Next, considering East Asia, Sen noted the region's high rate of growth, and fairly low inequality of income distribution. For a time everything was going up together, but that's a characteristic of many situations; when things go up, they often go together. When they fall the divisions appear, as happened in the 1997 crisis.

Development as Freedom was based on lectures given in 1996, in which Sen expressed his fears about the consequences of not having democracy in East Asia if the economic growth were to fail -- though at the time he was writing he did not anticipate such a turn-around actually occurring by the next year. He observed that people sometimes ask why a ten per cent drop in GNP in one year matters so much, after 20 or 30 years in which annual GNP has grown five to ten per cent every year. Indeed, it would not be so bad if the reversal were shared evenly. But this is where there has been a tremendous division, with some portions of the society relatively unaffected, while most of the ten per cent drop fell on the bottom fifth of the population, causing the massive decline that has been seen in Korea, Indonesia, Thailand, and others.

This is the kind of situation where institutions like democracy and politics come into the story. The voices of the poor were not missed when everything was going up together, because there was not so much to protest. But the absence of those voices was seen as an important reason for the unfair division of the pain when growth was reversed. Not surprisingly, as recession spread, democracy became a major issue in country after country.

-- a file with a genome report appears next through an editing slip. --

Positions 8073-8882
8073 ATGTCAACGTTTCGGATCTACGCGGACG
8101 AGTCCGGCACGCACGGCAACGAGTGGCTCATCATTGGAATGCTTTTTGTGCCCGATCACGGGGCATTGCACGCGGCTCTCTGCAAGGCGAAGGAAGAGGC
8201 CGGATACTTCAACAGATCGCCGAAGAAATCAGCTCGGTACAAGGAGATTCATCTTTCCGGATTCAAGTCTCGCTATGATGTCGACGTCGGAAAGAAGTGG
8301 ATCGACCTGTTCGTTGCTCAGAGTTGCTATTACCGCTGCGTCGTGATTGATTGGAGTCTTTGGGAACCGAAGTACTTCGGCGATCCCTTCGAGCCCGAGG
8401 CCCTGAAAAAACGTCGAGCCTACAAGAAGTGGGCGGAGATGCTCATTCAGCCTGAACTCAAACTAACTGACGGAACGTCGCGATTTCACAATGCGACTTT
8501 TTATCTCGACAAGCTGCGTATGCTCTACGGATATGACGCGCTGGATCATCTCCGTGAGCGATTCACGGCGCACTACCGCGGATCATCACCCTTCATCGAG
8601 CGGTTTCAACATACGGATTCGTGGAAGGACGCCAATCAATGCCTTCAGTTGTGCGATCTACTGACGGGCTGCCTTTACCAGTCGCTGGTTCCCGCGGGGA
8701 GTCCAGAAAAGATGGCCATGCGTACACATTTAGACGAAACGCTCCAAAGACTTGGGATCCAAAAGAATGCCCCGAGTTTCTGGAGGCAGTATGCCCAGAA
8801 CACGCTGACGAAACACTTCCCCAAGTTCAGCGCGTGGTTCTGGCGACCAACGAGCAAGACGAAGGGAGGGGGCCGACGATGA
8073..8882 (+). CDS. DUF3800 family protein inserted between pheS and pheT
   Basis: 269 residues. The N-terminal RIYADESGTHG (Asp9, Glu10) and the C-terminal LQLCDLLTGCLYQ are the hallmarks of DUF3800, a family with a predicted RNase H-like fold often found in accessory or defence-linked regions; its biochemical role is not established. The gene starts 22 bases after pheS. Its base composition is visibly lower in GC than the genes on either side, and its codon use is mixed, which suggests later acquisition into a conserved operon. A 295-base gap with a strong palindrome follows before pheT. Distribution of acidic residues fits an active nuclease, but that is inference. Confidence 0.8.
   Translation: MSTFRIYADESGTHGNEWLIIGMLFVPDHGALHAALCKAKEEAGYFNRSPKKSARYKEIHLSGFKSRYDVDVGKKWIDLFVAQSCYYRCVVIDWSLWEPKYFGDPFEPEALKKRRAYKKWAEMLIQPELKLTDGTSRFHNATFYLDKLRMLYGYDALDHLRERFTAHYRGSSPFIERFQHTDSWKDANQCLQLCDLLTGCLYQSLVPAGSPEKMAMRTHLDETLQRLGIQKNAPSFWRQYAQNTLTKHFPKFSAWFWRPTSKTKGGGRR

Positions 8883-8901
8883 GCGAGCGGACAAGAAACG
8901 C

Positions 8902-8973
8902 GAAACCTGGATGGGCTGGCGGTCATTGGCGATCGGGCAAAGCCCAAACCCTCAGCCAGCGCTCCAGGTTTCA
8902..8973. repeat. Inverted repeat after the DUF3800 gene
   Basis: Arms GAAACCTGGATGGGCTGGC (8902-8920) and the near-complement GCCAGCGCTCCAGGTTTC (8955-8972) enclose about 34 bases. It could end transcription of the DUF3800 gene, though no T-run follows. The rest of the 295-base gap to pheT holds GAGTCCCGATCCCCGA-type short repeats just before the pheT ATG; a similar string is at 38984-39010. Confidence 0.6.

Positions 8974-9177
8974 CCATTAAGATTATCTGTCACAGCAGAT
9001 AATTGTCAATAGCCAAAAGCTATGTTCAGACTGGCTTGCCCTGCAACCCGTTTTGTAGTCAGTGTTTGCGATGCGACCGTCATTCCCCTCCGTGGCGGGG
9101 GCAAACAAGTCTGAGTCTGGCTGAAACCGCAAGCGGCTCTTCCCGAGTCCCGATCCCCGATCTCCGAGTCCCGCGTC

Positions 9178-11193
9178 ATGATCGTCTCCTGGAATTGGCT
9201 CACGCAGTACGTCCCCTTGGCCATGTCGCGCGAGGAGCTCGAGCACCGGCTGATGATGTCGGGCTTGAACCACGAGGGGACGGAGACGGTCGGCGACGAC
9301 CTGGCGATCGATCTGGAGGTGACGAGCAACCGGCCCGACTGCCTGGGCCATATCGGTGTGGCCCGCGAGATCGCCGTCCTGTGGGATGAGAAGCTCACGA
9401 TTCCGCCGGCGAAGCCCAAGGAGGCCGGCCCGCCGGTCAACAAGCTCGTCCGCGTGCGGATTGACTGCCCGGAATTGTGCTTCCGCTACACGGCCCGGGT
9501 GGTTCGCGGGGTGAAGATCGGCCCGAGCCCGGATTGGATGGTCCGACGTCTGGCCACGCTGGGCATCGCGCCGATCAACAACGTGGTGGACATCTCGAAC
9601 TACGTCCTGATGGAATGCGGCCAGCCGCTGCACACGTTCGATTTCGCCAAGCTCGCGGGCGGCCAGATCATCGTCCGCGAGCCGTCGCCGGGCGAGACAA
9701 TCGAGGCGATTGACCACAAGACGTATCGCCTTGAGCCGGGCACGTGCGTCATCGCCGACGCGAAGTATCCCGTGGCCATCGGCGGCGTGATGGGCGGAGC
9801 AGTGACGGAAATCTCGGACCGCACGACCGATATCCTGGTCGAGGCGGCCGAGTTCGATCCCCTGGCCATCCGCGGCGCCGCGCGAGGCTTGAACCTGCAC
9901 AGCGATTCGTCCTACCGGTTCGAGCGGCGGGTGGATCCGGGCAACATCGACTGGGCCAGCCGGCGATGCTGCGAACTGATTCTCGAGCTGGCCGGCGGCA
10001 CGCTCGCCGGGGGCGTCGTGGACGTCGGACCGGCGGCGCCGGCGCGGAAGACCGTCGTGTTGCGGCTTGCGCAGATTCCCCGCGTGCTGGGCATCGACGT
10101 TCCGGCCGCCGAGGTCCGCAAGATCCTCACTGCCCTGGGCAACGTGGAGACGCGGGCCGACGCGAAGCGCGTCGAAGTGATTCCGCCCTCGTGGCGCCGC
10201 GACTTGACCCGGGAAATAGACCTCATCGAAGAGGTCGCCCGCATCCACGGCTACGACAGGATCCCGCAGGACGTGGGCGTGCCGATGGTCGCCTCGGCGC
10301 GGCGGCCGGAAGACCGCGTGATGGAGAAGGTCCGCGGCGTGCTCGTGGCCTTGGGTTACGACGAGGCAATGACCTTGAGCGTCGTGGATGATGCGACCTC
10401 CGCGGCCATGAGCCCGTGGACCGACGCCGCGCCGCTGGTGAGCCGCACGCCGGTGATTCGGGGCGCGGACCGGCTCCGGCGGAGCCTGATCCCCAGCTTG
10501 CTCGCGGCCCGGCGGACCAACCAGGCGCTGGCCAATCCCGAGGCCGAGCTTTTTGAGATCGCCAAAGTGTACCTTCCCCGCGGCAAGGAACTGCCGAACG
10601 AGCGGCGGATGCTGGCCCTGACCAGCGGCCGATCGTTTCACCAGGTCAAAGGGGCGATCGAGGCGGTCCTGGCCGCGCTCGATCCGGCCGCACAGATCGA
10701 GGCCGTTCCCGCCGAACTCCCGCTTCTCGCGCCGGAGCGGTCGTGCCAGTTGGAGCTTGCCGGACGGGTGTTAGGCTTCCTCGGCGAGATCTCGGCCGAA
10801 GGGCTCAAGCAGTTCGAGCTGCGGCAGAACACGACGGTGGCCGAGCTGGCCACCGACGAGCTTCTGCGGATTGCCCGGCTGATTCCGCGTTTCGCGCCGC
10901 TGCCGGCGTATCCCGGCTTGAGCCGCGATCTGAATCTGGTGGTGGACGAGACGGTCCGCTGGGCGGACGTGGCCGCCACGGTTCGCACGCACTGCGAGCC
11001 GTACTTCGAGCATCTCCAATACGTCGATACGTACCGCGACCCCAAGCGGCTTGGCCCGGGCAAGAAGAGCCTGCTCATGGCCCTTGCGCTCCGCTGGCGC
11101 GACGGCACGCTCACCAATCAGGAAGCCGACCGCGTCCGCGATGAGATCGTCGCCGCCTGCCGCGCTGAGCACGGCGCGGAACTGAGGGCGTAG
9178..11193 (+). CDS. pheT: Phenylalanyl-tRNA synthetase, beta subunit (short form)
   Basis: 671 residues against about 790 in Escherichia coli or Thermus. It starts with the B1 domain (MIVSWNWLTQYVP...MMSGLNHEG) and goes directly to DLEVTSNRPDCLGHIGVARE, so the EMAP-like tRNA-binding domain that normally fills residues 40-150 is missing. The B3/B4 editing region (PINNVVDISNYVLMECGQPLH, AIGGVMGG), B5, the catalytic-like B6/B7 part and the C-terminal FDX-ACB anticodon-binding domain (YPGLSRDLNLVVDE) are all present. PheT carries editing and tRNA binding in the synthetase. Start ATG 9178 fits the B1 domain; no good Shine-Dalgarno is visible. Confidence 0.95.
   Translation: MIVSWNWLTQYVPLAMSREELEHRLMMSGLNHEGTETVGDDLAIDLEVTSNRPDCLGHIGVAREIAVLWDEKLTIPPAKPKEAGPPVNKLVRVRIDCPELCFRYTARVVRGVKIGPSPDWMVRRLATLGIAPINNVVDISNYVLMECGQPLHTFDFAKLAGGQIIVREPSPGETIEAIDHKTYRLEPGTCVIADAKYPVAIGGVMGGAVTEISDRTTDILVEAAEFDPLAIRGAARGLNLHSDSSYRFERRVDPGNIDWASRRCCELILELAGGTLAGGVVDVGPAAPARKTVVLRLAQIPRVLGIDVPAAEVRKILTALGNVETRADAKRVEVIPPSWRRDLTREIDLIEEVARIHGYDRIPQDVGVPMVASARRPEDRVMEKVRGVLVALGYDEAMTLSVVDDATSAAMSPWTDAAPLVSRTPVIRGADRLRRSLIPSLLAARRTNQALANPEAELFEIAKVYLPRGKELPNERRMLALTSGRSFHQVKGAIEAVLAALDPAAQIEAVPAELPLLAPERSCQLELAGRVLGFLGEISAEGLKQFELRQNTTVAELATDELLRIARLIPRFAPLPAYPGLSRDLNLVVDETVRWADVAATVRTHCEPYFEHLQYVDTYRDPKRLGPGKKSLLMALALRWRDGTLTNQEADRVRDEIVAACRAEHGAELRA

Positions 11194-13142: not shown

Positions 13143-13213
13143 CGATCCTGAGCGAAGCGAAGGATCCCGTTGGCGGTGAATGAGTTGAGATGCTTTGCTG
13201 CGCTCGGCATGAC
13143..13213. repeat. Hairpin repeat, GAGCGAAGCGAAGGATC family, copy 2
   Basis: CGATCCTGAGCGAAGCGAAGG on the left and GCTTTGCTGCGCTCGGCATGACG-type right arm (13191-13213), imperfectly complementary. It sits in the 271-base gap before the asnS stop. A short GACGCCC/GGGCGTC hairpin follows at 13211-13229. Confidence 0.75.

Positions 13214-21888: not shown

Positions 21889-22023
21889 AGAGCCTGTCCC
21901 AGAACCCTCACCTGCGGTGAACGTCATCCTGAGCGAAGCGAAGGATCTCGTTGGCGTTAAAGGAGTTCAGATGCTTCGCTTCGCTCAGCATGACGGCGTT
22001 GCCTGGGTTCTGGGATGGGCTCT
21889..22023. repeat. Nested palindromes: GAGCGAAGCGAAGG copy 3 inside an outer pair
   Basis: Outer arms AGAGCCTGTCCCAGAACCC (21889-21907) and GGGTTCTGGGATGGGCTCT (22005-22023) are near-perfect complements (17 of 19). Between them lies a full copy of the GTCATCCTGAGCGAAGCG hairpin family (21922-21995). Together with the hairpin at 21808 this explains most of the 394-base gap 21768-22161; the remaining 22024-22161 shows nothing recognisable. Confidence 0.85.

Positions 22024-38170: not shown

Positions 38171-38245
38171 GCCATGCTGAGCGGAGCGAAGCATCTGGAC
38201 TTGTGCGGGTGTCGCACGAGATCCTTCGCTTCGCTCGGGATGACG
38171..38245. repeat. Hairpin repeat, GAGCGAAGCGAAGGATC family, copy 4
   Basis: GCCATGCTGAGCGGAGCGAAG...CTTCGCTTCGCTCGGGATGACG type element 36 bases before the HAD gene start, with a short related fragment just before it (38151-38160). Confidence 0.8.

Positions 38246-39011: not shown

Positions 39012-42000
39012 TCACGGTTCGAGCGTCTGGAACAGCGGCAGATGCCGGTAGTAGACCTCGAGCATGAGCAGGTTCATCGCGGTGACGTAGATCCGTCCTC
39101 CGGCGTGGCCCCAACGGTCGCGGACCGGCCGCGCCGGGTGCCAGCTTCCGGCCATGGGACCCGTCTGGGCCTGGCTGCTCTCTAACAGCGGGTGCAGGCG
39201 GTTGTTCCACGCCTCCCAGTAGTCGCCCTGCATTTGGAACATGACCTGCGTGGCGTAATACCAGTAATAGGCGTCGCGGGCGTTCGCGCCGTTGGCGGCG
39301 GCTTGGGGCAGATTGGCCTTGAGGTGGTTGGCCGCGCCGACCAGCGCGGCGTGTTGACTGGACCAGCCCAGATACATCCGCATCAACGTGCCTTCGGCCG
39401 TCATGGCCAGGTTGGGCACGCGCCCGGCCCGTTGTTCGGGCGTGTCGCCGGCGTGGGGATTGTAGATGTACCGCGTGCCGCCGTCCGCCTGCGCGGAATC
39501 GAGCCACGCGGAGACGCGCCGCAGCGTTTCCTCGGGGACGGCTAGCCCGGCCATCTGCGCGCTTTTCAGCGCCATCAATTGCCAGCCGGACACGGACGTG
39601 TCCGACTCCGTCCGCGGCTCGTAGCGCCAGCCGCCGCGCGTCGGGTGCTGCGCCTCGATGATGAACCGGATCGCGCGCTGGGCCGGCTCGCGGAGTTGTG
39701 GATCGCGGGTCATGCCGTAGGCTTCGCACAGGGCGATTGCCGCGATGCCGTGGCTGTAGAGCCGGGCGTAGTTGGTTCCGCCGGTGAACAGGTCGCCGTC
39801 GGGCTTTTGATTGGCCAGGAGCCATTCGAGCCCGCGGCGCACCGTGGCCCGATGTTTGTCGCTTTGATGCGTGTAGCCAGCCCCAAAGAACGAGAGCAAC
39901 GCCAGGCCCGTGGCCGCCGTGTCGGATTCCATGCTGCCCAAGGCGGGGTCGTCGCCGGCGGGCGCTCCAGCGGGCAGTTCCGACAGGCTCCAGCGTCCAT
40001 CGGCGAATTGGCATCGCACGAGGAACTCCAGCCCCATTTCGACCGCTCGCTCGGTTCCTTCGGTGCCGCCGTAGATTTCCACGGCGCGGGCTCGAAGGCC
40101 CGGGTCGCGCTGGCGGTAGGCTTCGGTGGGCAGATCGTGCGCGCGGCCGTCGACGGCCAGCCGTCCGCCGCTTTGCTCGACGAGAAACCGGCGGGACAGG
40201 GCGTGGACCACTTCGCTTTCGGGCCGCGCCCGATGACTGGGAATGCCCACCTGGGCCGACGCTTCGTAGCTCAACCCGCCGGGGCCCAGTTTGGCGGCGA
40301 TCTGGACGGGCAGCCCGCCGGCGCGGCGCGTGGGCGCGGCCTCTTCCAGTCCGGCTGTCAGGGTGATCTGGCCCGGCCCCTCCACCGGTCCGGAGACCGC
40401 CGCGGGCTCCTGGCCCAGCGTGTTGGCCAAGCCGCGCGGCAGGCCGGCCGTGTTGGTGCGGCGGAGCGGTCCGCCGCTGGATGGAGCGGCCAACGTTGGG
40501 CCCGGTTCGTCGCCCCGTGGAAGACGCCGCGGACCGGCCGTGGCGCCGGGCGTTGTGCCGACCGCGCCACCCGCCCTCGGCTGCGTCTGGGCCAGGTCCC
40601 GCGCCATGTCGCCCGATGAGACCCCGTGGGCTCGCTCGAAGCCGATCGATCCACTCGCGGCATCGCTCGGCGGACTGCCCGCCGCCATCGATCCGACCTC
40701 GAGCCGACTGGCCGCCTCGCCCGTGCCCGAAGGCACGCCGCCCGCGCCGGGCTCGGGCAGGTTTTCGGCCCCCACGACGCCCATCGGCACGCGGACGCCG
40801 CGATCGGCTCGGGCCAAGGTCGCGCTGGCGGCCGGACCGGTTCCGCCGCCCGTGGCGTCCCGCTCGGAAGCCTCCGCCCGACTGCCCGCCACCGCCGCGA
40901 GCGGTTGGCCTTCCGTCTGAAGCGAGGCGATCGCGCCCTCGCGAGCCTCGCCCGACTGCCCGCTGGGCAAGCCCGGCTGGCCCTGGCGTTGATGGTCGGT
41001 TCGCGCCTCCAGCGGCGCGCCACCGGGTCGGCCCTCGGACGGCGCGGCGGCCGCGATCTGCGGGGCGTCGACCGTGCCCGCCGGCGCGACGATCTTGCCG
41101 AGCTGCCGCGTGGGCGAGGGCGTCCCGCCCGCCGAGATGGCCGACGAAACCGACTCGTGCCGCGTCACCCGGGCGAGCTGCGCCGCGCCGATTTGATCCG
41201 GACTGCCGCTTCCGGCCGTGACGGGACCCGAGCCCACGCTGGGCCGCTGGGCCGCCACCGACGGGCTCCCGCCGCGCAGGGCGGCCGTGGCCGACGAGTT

As discussed in Democracy as Freedom, these issues take a different form in the United States. They show up when you look at inequality in living conditions rather than in income. It is sometimes said that the African-American population may be poor in comparison to American whites, but they are very rich in comparison with Third World countries. Indeed, as far as income is concerned, they are 20 to 30 times richer. But if you are looking at survival to mature ages, the situation for African-American women and men is much worse than in many of the poorer countries including Sri Lanka, or parts of India, which have better health care systems. The survival results in China are better than for African-American men, and neck-and-neck for African-American women. The lack of health facilities, of what is sometimes here dismissively called socialized health care, extracts a very real penalty. These results are also connected with the nature of schooling in inner cities, and with a lot of other social failures.